4. Thus, contrary to defendants' assertions during the hearing on this matter, separation of powers was clearly in issue in Thorsness I albeit that the separation was between the state judiciary and the United States House of Representatives under United States Constitution Article I, 5 rather than between the state judiciary and the state house of representatives under South Dakota Constitution Article III, 9. In this vein it is notable that United States Constitution Article I, 5 is virtually identical to South Dakota Constitution Article III, 9 in providing in pertinent part that, "Each house [of Congress] shall be the judge of the elections, returns and qualifications of its own members[.]" If anything, we view the separation of powers issue between the state judiciary and United States Congress in Thorsness I as more acute than the separation of powers issue in the instant case which involves the state judiciary and the state legislature and, therefore, does not concern separate levels of government.

 5. As to such a conclusion, much has been made of the failure of constitutional amendments in 1974 and 1976 that would have explicitly permitted the legislature to vest in the judiciary the power to determine contested elections. See 1974 S.D. Sess. L. ch. 1, 7; 1975 S.D. Sess. L. ch. 2, 7. See also S.D. Const. art. III, Historical Notes. Defendants argue the failure of these amendments clearly reflects the will of the people that the judiciary not involve itself in legislative election disputes. We find it difficult, however, to draw any conclusion as to the will of the people from the failure of these constitutional amendments. The amendments regarding determination of contested legislative elections were merely one part of one section of some seventeen separate sections that would have substantially rewritten all of Article III of the South Dakota Constitution dealing with the Legislative Department. Accordingly, it is impossible to ascertain the intent of the people concerning the precise sections of the proposed amendments that the people rejected. Moreover, to the extent the proposed amendments demonstrate a belief the judiciary does not currently hold the power to determine contested legislative elections, we do not disagree. As the balance of our decision on the jurisdictional issue demonstrates, the final power of determination clearly lies with the applicable house of the legislature and we do not presume to invade it.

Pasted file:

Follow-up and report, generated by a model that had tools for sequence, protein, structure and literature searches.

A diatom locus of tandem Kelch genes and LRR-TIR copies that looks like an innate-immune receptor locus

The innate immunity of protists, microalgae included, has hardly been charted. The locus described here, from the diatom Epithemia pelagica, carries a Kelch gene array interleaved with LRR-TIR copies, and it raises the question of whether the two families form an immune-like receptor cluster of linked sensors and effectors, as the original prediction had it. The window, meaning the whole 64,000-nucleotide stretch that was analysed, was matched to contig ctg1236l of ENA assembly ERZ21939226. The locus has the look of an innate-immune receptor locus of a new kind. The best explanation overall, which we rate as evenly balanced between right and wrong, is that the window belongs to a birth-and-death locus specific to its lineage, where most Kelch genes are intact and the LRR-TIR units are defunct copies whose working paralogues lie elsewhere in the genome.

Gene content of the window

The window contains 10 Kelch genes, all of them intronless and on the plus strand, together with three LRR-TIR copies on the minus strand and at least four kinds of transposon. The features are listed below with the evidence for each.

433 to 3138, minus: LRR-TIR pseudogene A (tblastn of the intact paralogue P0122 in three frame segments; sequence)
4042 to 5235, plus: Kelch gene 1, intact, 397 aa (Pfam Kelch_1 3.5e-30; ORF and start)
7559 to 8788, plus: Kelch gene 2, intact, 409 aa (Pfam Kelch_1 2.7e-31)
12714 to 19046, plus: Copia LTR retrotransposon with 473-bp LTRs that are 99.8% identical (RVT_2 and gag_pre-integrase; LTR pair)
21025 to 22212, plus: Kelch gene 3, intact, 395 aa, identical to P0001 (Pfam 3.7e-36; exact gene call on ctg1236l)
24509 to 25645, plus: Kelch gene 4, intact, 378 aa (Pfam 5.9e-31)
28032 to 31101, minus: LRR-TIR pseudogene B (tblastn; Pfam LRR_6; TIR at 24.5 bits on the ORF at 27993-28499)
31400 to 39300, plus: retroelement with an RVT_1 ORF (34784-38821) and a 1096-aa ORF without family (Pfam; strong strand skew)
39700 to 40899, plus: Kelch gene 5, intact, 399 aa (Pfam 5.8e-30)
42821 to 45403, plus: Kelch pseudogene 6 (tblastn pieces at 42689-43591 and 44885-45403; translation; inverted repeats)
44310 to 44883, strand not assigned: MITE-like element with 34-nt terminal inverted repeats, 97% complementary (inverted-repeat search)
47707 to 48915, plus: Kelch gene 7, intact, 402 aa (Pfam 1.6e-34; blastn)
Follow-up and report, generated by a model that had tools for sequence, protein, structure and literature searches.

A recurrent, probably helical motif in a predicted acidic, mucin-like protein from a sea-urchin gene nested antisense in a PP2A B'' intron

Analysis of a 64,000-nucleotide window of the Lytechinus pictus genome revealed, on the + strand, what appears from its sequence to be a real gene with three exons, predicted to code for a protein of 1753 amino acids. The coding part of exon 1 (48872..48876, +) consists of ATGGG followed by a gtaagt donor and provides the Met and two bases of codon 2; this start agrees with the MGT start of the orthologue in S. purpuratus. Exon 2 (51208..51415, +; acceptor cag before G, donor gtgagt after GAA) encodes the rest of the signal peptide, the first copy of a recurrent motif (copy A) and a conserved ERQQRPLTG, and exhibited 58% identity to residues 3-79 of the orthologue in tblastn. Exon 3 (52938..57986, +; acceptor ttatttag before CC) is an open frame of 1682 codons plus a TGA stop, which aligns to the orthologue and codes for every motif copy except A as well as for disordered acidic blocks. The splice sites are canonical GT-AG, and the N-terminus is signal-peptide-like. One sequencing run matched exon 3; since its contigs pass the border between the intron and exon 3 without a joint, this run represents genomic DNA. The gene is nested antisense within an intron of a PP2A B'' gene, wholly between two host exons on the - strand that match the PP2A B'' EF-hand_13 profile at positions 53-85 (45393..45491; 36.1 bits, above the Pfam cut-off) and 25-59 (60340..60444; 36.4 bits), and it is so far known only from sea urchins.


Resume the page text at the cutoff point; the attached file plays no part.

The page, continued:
6. The inconsistent tabulating procedures at issue in #19899, Kazmerzak v. Fryslie, discussed at 55 et seq. herein, aptly demonstrates the importance of this function.

 7. In that vein, we note a dearth of affirmative equitable remedies available from the legislature for irregularities in the election process. Even the legislative contest procedure outlined in SDCL 12-22-26 and 12-22-27 is vague and shrouded in some obscurity. Plaintiffs erroneously attempted to invoke the jurisdiction of this Court to hear the legislative "contest" filed with regard to these races pursuant to SDCL ch 12-22. However, this would have clearly exceeded the jurisdiction of this Court as a "contest" relates to a determination of the election. SDCL 12-22-1. As outlined above, this Court has no power under the constitution to make any final determination of the election as regards who will be seated. That power remains with the legislature under South Dakota Constitution Article III, 9. A recount, however, is addressed only to the correct determination of the true and actual count of the ballots cast. SDCL 12-21-1. Duties in connection with a recount, therefore, are more in the nature of a ministerial or administrative function than a judicial or determinative function, particularly where the legislature retains the final power of determination. See Roudebush, supra (court duties in connection with a recount may be characterized as ministerial or administrative); Healey v. Rank, 82 SD 54, 140 NW2d 850 (1966)(duties of a recount board are ministerial in nature and it has no judicial or quasi-judicial functions). Thus, plaintiffs clearly erred in attempting to bring their contest proceedings before this Court and it was for that reason that this Court's writs of certiorari were explicitly limited to a review of the recount proceedings pursuant to SDCL ch 12-21. The provisions of SDCL ch 12-22 are not in conflict with this determination. Unlike certain other election contests, legislative election contests must be instituted pursuant to SDCL 12-22-26. SDCL 12-22-2. There is nothing in SDCL 12-22-26 which would indicate that a contest instituted under that provision is a court proceeding. In fact, SDCL 12-22-27 which deals with depositions in legislative election contests requires the depositions to be filed with the Secretary of State rather than the clerk of any court. This is strongly indicative that the election contest procedures outlined by SDCL 12-22-26 and 12-22-27 relate to contest proceedings before the legislature and not any court.